6.5 C
New York
Saturday, September 24, 2022

Cannabis Legalization: Thailand Celebrates Marijuana For Medical Purposes

Must Read

Soldiers Who Refuse To Go To War May Face A Jail Term Up To 10 Years – Russia’s New Criminal Code

According to the official legal information portal, President Vladimir Putin has approved changes to the law to...

RIP Mahsa Amini: More Than 700 Rioters Including 60 Women Detained In Iran

Tasnim news agency reported Saturday that during more than a week of protests after a young woman...

Macron’s Party Demands To Find Putin’s Friends In France

Members of France's National Assembly said Saturday they asked the lower house's president to investigate alleged Russian...
Avatar photo
Kuldeep Singh
Kuldeep is a Journalist and Writer at Revyuh.com. He writes about topics such as Apps, how to, tips and tricks, social network and covers the latest story from the ground. He stands in front of and behind the camera, creates creative product images and much more. Always ready to review new products. Email: kuldeep (at) revyuh (dot) com

Young people, sick people, scientists, but also monks and politicians: several thousand Thais attended the first celebration of cannabis organized in the kingdom after the legalization of marijuana for medical use, a business that looks to be very juicy.

Chaivisit Visitvekin, a 67-year-old monk, takes a vial of cannabis oil out of his robe and drops a drop on his tongue. Not far from there a family is shot in front of buxom marijuana plants. Scenes unimaginable a few months ago in the very conservative realm.

Legal since December 2018

But in December, Thailand took the lead, becoming the first country in Southeast Asia to legalize the cultivation of cannabis for medical use, a market so far dominated by Canada, Australia, Israel and many other countries. states of the United States. Implementation of the law, however, has been delayed.

Meanwhile, a marijuana festival is being held this weekend until Sunday in rural Buriram Province, a few hundred kilometers northeast of Bangkok. Many multicolored flags, white teepees and capitals were erected for the occasion.

Booths offer rolling sheets or pipes as the songs of Reggae king Bob Marley resoundOthers exhibit greenhouse materials and lighting necessary for culture, while several speakers discuss different varieties of cannabis or control its quality.

Chaivisit Visitvekin is queuing to obtain from the Ministry of Health the precious sesame that will allow him to use marijuana to relieve his shoulder pain.

“I use oil and have never had any side effects,” he says. Surrerat Ruangnoy uses cannabis to relieve migraines. “At the festival, I saw old people. I took pictures and I will show them to my parents so that they understand better my situation, says the 26-year-old.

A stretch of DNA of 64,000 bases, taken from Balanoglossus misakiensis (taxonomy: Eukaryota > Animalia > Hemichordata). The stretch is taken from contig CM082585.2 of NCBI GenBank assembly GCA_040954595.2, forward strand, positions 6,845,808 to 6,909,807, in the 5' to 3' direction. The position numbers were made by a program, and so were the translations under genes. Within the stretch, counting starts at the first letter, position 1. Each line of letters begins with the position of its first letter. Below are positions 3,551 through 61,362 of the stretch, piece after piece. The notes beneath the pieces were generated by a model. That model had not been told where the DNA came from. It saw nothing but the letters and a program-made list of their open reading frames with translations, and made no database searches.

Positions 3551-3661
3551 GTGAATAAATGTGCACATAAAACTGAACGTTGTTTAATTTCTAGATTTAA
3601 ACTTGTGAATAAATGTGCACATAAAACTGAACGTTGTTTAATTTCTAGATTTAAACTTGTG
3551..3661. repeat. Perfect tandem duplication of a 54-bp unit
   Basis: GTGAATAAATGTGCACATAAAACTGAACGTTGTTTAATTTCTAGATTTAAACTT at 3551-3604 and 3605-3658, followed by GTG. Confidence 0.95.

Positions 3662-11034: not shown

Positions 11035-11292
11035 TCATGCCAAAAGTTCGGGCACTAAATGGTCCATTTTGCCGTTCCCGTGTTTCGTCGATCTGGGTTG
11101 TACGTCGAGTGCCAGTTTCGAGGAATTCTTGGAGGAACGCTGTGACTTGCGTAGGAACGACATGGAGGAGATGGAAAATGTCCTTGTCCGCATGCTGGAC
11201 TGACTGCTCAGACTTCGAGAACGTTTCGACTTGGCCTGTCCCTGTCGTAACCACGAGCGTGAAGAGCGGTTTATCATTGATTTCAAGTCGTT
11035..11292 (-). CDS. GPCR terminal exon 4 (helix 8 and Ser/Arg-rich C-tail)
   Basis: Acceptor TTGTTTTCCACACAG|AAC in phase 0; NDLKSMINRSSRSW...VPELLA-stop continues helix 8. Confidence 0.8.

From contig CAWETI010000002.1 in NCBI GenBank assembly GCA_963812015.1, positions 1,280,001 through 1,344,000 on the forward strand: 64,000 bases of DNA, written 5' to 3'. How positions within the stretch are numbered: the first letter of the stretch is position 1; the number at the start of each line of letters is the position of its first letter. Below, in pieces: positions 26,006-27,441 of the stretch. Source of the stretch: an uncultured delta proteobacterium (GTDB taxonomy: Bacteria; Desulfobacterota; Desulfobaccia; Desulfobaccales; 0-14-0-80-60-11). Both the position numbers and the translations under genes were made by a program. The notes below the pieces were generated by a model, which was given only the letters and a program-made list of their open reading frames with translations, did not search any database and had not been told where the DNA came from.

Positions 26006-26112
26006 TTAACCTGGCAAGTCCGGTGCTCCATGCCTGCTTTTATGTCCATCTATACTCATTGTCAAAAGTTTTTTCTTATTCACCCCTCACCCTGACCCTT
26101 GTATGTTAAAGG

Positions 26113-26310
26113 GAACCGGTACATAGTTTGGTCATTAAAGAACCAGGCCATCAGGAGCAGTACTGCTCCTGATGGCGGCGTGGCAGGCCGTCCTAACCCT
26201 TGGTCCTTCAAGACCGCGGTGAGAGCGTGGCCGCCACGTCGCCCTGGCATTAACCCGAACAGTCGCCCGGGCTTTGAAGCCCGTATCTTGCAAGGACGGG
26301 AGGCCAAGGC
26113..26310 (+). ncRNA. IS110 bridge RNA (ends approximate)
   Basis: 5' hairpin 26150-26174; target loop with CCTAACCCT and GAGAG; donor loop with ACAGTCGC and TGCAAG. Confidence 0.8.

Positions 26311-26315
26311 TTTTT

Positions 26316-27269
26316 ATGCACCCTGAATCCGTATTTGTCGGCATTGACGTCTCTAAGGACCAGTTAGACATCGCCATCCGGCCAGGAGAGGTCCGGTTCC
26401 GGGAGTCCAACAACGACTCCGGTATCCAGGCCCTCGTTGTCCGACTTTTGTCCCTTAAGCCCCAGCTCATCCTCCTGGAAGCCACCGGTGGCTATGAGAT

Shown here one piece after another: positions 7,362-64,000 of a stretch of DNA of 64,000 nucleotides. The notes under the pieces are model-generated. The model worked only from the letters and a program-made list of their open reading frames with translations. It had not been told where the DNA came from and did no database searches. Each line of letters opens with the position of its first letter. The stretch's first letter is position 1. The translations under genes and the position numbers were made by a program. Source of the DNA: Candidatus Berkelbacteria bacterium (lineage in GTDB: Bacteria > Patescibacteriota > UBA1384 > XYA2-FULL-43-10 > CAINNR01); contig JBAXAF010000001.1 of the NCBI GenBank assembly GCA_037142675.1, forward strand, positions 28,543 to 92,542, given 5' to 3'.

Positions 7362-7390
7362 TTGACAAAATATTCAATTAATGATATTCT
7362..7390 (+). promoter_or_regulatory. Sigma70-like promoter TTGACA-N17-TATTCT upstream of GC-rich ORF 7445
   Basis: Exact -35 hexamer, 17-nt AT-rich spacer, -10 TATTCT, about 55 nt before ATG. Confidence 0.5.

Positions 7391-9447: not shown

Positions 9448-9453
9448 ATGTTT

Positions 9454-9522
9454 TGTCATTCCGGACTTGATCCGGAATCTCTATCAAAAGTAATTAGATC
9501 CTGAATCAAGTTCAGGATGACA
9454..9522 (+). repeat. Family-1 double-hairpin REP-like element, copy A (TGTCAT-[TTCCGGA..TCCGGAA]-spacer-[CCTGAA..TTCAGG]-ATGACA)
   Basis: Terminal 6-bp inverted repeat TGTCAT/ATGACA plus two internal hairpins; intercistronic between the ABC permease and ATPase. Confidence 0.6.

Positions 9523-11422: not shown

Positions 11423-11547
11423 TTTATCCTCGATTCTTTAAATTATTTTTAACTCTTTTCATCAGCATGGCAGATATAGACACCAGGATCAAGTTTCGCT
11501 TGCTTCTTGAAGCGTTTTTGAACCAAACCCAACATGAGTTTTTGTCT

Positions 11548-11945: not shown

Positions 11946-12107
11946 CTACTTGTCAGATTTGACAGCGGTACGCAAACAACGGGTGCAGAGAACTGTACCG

Billions of profits?

Legalization for medical use should also allow farmers to diversify into a country where agriculture is focused on rice and rubber to produce rubber.

The sale of marijuana in the form of grass or oil could generate profits of some 2.7 billion euros per year, according to estimates provided in December to AFP by Prapat Panyachartrak, President of the National Farmers Council . A potential financial windfall that surfaced a small political party in the legislative elections in March, the first since the coup in 2014 that brought to power a military junta.

Bhumjaithai (Thai Pride) campaigned for the legalization of cannabis but also to allow each household to grow a few plants at home.

A winning bet since it became after the election a significant political force. He finds himself in the position of referee, courted by the two main factions (pro-junta and pro-democracy) to hope to win a majority in the House of Representatives. Official results will be known by May 9th.

Open mind

The aim of the festival is “to help Thais understand and benefit from cannabis,” says Newin Chidchob, the festival’s president and one of the founding members of Bhumjaithai.

Marijuana has long been considered a traditional herb in Thailand, before being classified as narcotic in the 1970s. Today, finally, “the stigma of cannabis is changing” in the kingdom, welcomes Ryan Doran , an American expert who attends the festival to advise farmers on the subject.

- Advertisement -
- Advertisement -

Latest News

- Advertisement -

More Articles Like This

- Advertisement -